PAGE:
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Suicide prevention: What does the evidence show for the effectiveness of safety planning for children and young people? – A systematic scoping review

Abbott-Smith, Susan; Ring, Nicola; Dougall, Nadine; Davey, Jill

Authors



Abstract

Introduction
Suicide is a leading cause of death for children and young people and its prevention is a global priority. Many Mental Health Services employ safety planning as a brief intervention. There is some evidence of safety planning effectiveness for adults, but little is known about its effectiveness with young people.

Aim
To synthesize research reporting safety planning effectiveness for children/young people with suicidal ideation and identify good practice recommendations.

Inclusion criteria
The review relates to safety planning around suicide prevention for children/young people aged less than 18 years, even if it was within a wider intervention. The review was inclusive of all clinical areas (including mental health, primary care, etc), any geographical location or social economic status and inclusivity around the method of delivery.

Methods
A systematic scoping review of literature reporting effectiveness data for the use of safety planning with children/young people with suicidal ideation. The systematic scoping review protocol (pre-registered with Open Science Framework) followed Joanna Briggs Institute conduct guidance and PRISMA-ScR checklist.

Data analysis and presentation
Fifteen studies were reported during 2008–2021. Overall, there is promising, but limited, evidence of effectiveness for safety planning for children/young people but with complete evidence gaps for some demographic sub-groups. Evidence determined that healthcare professionals should deliver a safety planning intervention that is completed collaboratively, developmentally appropriate, and recognizes parental/carer involvement.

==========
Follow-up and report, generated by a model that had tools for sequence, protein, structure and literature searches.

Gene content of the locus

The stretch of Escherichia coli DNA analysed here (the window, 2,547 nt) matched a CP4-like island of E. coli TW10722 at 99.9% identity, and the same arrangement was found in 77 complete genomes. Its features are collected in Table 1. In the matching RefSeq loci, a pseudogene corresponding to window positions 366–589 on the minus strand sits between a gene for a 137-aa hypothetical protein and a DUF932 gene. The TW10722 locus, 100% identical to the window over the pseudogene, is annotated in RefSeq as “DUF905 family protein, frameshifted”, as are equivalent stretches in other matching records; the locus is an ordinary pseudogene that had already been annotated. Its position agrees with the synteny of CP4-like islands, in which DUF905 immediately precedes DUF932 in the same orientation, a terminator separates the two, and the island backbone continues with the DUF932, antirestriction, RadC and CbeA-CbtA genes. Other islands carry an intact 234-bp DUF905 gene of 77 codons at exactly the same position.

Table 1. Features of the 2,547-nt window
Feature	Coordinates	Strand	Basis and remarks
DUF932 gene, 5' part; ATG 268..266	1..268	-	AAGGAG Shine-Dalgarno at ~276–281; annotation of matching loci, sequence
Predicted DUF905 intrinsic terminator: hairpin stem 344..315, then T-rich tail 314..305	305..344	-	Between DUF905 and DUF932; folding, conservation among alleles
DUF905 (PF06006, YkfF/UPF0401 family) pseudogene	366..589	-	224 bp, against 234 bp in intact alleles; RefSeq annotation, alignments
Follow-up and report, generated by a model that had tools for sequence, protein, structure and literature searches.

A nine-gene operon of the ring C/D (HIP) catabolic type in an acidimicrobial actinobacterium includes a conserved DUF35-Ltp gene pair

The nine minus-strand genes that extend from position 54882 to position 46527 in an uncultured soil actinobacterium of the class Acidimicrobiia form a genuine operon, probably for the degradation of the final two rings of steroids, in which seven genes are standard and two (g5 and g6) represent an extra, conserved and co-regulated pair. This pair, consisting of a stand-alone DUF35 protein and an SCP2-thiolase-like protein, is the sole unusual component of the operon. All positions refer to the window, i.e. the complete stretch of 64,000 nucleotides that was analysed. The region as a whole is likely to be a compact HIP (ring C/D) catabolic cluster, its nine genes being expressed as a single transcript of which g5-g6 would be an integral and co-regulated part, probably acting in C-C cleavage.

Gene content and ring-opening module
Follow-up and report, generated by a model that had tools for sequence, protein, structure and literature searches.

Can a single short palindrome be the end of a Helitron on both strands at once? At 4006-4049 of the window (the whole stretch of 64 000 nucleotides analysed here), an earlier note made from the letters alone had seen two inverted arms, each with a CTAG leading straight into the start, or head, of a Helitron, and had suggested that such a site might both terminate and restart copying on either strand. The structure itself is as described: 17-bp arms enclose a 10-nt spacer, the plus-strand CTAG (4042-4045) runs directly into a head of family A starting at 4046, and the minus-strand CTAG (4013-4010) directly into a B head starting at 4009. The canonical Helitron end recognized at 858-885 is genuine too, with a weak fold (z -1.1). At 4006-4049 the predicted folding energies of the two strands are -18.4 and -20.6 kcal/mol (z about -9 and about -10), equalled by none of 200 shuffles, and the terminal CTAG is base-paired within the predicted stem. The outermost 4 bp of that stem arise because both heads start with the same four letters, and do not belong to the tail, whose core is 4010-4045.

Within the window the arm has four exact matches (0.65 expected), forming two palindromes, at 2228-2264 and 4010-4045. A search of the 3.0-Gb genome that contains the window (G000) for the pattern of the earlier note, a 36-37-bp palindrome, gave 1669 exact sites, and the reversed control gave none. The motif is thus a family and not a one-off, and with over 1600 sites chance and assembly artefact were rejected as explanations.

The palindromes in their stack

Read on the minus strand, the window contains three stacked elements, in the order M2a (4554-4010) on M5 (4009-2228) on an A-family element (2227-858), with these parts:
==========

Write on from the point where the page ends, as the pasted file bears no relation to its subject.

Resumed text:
Discussion and implications for practice
Further research is needed but current evidence suggests safety planning should be a routine part of care packages for children/young people with suicidal ideation proportionate to their needs. Developing/implementing these plans needs bespoke health professional training and additional support and resources for parents/carers should be developed.

Journal Article Type Article
Acceptance Date Mar 13, 2023
Online Publication Date Apr 13, 2023
Publication Date 2023-10
Deposit Date Mar 30, 2023
Publicly Available Date Apr 13, 2023
Print ISSN 1351-0126
Electronic ISSN 1365-2850
Publisher Wiley
Peer Reviewed Peer Reviewed
Volume 30
Issue 5
Pages 899-910
DOI https://doi.org/10.1111/jpm.12928
Keywords children and young people, safety planning, suicide prevention

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